The Star Beacon; Ashtabula, Ohio

February 15, 2013

A Don McCormack column: Heartbreak Highway... you can check in, but you can never leave

Sports Editor

— One of the most bittersweet times for high school winter sports athletes will tip off today as the wrestlers from across the Buckeye State begin sectional competition.

They will be joined by most of the state’s girls basketball players, most of whose sectional-district tournaments kick off Saturday, though tournament play began earlier this week at a few spots around Ohio.

As old friend Tim Mizer termed it, it’s Heartbreak Highway.

In other words, for all but a precious few (the great majority, at least percentage wise, coming from private schools) who are blessed enough to be part of state championship squads or, in the case of wrestlers, win an individual state title, sometime in the next week or two, their seasons will come to an end.

And, especially for the seniors, it will hurt.

A lot.

Regardless of the record of the team or the individual, when a senior plays his or her last game or competes in a last match, it’s another end game.

And winter sports are a different animal. In wrestling. The whole world is watching two competitors go at it toe-to-toe in one of the most iconic sports in history, the recent ridiculous decision to eliminate wrestling from the Winter Olympics in 2012, not withstanding.

In basketball, the game’s ebb and flow is on display for all to see. With crowds pretty much right on top of the action and the competitors’ faces not covered by a helmet, cap, etc., their expressions of aggression, timidness, fear and exhalation as they shift from offense to defense in a blink of an eye make for great drama.

All of which will paint a vivid canvas of emotion, starting today. For all the smiles, hugs and high-fives that accompany every victory, there will be even more tears, pain-filled expressions and slow-moving feet as the conquered trudge off the arena floor.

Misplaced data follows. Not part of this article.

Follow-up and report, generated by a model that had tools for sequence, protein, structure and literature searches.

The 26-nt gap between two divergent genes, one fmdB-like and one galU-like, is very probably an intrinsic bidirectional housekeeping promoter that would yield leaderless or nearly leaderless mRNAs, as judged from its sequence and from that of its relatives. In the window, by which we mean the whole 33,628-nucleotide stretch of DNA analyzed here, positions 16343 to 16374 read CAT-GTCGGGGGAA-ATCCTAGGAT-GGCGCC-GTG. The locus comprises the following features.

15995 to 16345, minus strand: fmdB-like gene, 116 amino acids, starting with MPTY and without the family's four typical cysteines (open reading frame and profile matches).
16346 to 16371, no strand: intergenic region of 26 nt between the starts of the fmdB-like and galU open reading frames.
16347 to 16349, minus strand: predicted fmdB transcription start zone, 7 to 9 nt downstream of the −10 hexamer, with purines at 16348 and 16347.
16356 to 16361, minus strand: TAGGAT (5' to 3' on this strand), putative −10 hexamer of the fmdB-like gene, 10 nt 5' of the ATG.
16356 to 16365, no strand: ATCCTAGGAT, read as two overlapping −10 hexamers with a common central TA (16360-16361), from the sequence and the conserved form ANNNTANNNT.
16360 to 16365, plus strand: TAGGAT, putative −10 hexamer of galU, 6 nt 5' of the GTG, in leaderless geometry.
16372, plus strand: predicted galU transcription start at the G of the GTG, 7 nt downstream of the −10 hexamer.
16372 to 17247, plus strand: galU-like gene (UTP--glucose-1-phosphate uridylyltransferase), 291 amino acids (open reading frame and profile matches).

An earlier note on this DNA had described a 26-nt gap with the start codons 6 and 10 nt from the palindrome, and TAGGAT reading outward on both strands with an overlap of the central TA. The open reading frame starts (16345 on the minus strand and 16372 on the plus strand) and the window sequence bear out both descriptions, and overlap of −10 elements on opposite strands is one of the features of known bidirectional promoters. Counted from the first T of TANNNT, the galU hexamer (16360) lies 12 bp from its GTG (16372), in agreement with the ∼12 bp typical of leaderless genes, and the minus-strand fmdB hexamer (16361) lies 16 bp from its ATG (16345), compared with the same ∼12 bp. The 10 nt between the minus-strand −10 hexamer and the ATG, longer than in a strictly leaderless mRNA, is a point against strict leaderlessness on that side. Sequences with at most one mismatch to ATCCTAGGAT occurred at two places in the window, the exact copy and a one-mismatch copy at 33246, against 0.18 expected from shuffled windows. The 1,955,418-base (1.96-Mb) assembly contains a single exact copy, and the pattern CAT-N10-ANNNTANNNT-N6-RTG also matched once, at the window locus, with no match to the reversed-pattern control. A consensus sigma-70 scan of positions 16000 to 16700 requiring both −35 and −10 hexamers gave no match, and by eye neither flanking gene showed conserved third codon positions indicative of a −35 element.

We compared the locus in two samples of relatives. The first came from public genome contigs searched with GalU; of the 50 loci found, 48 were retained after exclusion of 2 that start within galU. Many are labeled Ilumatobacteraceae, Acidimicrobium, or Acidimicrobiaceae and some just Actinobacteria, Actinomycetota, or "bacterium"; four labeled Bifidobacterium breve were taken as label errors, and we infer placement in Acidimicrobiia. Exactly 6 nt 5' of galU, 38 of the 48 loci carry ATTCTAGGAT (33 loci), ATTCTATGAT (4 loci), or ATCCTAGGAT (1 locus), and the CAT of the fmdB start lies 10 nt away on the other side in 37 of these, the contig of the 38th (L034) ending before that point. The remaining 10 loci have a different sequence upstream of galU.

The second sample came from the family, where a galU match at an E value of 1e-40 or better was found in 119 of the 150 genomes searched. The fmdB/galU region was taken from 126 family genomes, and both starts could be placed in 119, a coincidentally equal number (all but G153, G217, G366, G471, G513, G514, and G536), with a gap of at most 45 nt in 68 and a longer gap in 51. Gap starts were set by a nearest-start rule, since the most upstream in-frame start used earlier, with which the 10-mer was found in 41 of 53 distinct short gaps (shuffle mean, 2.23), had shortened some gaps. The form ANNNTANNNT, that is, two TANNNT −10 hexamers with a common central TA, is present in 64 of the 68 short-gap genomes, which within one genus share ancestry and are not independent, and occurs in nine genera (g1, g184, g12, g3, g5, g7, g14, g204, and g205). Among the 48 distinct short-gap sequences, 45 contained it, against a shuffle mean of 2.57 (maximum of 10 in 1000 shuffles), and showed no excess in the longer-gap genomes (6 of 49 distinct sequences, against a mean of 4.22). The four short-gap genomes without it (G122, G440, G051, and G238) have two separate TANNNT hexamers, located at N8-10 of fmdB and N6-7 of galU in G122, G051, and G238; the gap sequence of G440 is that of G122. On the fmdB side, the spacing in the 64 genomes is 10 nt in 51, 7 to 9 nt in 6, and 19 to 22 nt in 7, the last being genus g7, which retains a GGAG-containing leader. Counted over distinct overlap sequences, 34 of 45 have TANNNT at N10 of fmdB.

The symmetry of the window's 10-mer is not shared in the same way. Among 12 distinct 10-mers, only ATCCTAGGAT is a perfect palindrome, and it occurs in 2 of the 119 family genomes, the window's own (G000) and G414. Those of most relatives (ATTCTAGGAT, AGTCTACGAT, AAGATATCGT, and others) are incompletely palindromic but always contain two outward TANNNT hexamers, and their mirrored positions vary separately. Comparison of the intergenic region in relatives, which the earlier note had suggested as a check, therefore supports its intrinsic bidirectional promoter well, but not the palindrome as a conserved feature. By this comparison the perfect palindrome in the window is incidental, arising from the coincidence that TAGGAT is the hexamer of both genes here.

For yours truly, it was in basketball. While I also played football and baseball, not being much physically ended by gridiron days after my freshman year and the curveball — the only pitch I could throw for strikes and the pitch I could never end — made me anything but a diamond king.

But basketball... wow, that was it, for me. While I was vertically challenged (OK, I was short), I had decent quickness, was ambidextrous, so I could handle the basketball with both hands and, most of all, I played hard.

In other words, I was pretty much a ham and egger.

However, I was fortunate enough to be in the same class with a true star, Rick Berrier, a 6-foot-3 jumping jack could touch the rim with his elbow and was named All-Ohio twice, and a bunch of guys similar to me in ability, but of different shapes and sizes.

Randy Roach was a 6-5 center. John March was a bruiser at power forward. Bob Carlson started in the same backcourt with me for years and, as a coach’s son (Larry, a former Jefferson star player himself and our eighth-grade coach) could do it all. Scott Brainard had a picturesque, long-distance jumper. Hugh Goodale provided an athletic, physical complement.

In junior high, we whipped everyone.

But, that was when we were still whole as a group.

Guys like guard Steve Mehalic were a standout for us. Steve Holloway came to us as a freshman. They never played past the freshman level.

But the unquestioned best athlete — in every sport — in our class was the late John Knight.

Like Mehalic and Holloway, he never played past the freshman level. Falling in with the wrong crowd, combined with us growing up in an era when those who did so were shunned as opposed to the way things are now when they are comforted, supported and encouraged to keep fighting the good fight and stay with, proved to be his undoing.

John, whose life ended prematurely a few years ago, was the one guy I played with who should have been a professional athlete.

He was that good.